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Omitting Radiotherapy in Early PET-Negative Stage I/II Hodgkin Lymphoma Is Associated With Increased Risk of Early Relapse

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Key Points

  • Interim analysis showed significantly more progression events when involved-node radiotherapy was omitted vs standard combined-modality therapy in both favorable-prognosis and unfavorable-prognosis patients.
  • As a result, randomization of patients with negative early PET scans was stopped.

The EORTC/LYSA/FIL Intergroup H10 trial assessed whether omitting involved-node radiotherapy would affect progression-free survival in patients with negative early positron-emission tomography (PET) scans after two cycles of ABVD (doxorubicin, bleomycin, vinblastine, and dacarbazine) compared with standard combined-modality treatment. As reported in the Journal of Clinical Oncology by Raemaekers et al, an interim futility analysis showing a significant excess of progression events in patients not receiving radiotherapy resulted in stopping randomization of patients with negative early PET scans.

Study Details

In the trial, patients aged 15 to 70 years with untreated clinical stage I/II Hodgkin lymphoma  were classified as having favorable (n = 441) or unfavorable prognosis (n = 683) and were randomly assigned to omission of involved-node radiotherapy (experimental groups; 220 in favorable subgroup, 344 in unfavorable subgroup) or standard treatment (221 in favorable subgroup, 339 in unfavorable subgroup). Negative early PET scans after two cycles of ABVD were obtained in 193 experimental-group patients and 188 standard-group patients in the favorable subgroup (85.8% overall) and in 268 experimental-group patients and 251 standard-group patients in the unfavorable subgroup (74.8% overall).

The primary endpoint was noninferiority of progression-free survival in the experimental vs standard groups among patients with negative early PET scans. A preplanned interim futility analysis was to be performed after 12 and 22 progression events (progression, relapse, or death) occurred in the favorable and unfavorable subgroups.

Poorer Progression-Free Survival in Experimental Groups on Interim Analysis

In the favorable subgroup, nine events occurred in the experimental group vs one event in the standard group, with all events consisting of disease progression. Futility was declared, since the data showed a significant difference in progression-free survival favoring standard treatment (P = .017, less than the one-sided significance level to perform the statistical test of .102). Progression-free survival rates at 1 year were 94.9% in the experimental group and 100.0% in the standard group.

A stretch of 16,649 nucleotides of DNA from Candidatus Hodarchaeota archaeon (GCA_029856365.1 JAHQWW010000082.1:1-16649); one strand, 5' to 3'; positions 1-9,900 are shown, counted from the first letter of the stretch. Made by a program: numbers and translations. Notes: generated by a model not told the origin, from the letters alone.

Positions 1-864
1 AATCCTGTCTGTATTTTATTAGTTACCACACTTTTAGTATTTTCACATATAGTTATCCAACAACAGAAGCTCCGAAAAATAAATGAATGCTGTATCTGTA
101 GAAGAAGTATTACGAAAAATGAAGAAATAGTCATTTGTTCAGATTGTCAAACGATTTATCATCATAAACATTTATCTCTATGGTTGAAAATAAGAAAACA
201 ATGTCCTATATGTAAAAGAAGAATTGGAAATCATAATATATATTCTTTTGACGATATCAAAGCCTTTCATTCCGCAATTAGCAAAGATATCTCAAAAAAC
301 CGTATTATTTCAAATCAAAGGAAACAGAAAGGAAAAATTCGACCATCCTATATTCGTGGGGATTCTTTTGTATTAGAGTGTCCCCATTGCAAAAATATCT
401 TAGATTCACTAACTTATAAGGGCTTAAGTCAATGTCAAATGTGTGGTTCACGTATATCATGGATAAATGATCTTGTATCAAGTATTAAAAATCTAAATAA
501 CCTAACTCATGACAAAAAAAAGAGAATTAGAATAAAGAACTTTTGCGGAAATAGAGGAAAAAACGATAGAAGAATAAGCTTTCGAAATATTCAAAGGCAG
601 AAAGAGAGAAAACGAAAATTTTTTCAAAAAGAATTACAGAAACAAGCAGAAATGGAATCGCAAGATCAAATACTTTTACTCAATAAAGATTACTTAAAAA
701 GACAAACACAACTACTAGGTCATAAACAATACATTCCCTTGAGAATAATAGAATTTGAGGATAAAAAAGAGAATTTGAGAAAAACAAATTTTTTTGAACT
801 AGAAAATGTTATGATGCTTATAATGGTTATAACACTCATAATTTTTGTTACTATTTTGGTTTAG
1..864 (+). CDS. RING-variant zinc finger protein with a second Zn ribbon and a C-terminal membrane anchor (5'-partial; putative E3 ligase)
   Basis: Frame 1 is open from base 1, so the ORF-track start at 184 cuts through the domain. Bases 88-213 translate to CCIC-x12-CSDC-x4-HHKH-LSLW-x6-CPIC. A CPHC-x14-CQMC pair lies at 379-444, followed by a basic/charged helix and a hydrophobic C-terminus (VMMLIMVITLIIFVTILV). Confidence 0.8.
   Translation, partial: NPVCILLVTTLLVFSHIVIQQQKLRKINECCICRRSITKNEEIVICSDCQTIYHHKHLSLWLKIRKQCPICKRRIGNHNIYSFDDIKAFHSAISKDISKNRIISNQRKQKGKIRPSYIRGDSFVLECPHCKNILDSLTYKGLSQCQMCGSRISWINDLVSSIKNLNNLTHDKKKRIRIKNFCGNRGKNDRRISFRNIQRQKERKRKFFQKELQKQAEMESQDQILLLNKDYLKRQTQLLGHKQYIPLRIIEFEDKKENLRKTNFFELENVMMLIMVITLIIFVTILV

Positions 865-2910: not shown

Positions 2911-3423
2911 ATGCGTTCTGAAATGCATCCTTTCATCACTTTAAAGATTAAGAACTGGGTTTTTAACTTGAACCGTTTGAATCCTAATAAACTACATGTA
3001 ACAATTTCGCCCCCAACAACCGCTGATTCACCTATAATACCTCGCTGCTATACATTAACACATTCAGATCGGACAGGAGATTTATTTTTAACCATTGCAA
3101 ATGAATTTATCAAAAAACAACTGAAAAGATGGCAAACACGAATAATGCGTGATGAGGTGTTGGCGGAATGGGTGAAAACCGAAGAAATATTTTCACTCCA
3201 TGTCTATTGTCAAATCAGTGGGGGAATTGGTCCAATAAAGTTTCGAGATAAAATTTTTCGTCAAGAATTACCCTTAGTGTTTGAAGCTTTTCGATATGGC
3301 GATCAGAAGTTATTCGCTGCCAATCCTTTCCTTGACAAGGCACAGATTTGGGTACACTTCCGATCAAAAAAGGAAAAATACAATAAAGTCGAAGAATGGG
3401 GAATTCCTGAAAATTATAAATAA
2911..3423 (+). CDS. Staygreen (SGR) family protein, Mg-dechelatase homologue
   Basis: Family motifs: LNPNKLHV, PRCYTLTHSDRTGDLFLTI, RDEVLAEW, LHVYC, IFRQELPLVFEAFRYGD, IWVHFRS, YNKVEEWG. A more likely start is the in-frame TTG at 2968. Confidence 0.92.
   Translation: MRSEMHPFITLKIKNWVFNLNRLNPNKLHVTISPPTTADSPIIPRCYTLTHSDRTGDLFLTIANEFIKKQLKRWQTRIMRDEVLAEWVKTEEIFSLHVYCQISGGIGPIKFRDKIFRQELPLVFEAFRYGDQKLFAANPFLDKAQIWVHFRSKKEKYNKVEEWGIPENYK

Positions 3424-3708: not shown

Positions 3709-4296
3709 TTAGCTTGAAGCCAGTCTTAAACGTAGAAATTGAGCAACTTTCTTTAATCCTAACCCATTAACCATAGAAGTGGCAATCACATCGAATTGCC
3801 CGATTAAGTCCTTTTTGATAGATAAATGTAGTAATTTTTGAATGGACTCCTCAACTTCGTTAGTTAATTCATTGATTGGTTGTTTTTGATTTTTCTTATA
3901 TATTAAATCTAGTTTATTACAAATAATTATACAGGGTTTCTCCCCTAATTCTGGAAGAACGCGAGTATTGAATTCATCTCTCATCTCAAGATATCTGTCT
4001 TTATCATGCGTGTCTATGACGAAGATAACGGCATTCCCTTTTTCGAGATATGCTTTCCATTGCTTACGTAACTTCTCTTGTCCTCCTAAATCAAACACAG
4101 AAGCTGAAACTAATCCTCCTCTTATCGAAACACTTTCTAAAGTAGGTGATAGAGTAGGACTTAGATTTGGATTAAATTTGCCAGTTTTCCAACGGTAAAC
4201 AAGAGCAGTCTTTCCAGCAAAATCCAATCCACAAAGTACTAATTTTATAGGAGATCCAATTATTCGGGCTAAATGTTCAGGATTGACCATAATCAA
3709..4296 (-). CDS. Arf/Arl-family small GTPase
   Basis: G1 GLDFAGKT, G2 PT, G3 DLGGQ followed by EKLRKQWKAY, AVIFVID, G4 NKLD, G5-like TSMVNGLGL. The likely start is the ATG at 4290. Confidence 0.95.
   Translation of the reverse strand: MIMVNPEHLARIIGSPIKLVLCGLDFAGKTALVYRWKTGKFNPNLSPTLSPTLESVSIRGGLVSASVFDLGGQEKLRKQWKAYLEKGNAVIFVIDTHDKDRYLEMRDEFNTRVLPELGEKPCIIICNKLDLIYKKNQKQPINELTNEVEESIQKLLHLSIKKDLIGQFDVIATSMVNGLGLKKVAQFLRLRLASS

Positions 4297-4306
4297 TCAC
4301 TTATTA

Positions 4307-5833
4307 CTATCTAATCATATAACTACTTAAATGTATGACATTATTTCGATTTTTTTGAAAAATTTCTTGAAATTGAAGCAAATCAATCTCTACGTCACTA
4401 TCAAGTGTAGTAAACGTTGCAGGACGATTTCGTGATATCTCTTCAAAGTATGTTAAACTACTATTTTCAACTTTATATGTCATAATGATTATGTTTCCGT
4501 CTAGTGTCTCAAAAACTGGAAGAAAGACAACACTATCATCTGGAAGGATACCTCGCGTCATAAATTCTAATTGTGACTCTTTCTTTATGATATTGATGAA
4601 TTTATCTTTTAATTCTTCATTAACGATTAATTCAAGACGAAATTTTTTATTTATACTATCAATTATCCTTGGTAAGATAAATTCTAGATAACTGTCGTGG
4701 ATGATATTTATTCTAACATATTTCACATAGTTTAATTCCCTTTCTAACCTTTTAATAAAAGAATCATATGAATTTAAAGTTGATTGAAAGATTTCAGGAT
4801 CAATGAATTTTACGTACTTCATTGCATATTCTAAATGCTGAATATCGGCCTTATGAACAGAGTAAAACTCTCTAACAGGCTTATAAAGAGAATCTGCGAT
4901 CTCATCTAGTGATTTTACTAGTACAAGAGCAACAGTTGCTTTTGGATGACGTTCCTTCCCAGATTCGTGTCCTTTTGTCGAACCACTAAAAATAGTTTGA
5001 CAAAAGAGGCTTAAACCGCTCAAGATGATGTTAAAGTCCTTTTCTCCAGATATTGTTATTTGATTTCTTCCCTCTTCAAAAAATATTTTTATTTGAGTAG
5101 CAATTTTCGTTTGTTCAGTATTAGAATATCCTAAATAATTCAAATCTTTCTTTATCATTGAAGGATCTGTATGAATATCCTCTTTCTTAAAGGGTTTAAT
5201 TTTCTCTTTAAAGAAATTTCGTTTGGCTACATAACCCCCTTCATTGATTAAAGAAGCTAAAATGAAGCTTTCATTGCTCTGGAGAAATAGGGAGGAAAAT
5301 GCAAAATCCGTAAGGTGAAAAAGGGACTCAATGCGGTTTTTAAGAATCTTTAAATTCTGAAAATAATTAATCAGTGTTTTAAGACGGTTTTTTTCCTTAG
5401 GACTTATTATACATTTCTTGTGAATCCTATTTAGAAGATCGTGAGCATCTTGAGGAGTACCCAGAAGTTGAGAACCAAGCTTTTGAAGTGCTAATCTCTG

In the unfavorable subgroup, 16 events occurred in the experimental group and 9 in the standard group, with all events consisting of disease progression except for one death. Futility was declared, since the data showed a significant difference in progression-free survival favoring standard treatment (P = .026, less than the one-sided significance level to perform the statistical test). Progression-free survival at 1 year was 94.7% in the experimental group and 97.3% in the standard group.

On the basis of these findings, the independent data monitoring committee concluded it was unlikely that inferiority would be shown for the experimental arms if accrual continued to target populations and advised stopping randomization of early PET-negative patients.

The investigators concluded, “On the basis of this analysis, combined-modality treatment resulted in fewer early progressions in clinical stage I/II [Hodgkin lymphoma], although early outcome was excellent in both arms. The final analysis will reveal whether this finding is maintained over time.”

John M.M. Raemaekers, MD, PhD, of Radboud University Medical Center, Nijmegen, is the corresponding author for the Journal of Clinical Oncology article.

The study was supported by Fonds Cancer, Dutch Cancer Society, Institut National du Cancer, Fondation Contre le Cancer, Assistance Publique Hopitaux Paris, and Societe Française de Medecine Nucleaire et Imagerie Moleculaire, Associazone Angela Serra, and Chugai Pharmaceutical. The study authors reported no potential conflicts of interest.

The content in this post has not been reviewed by the American Society of Clinical Oncology, Inc. (ASCO®) and does not necessarily reflect the ideas and opinions of ASCO®.


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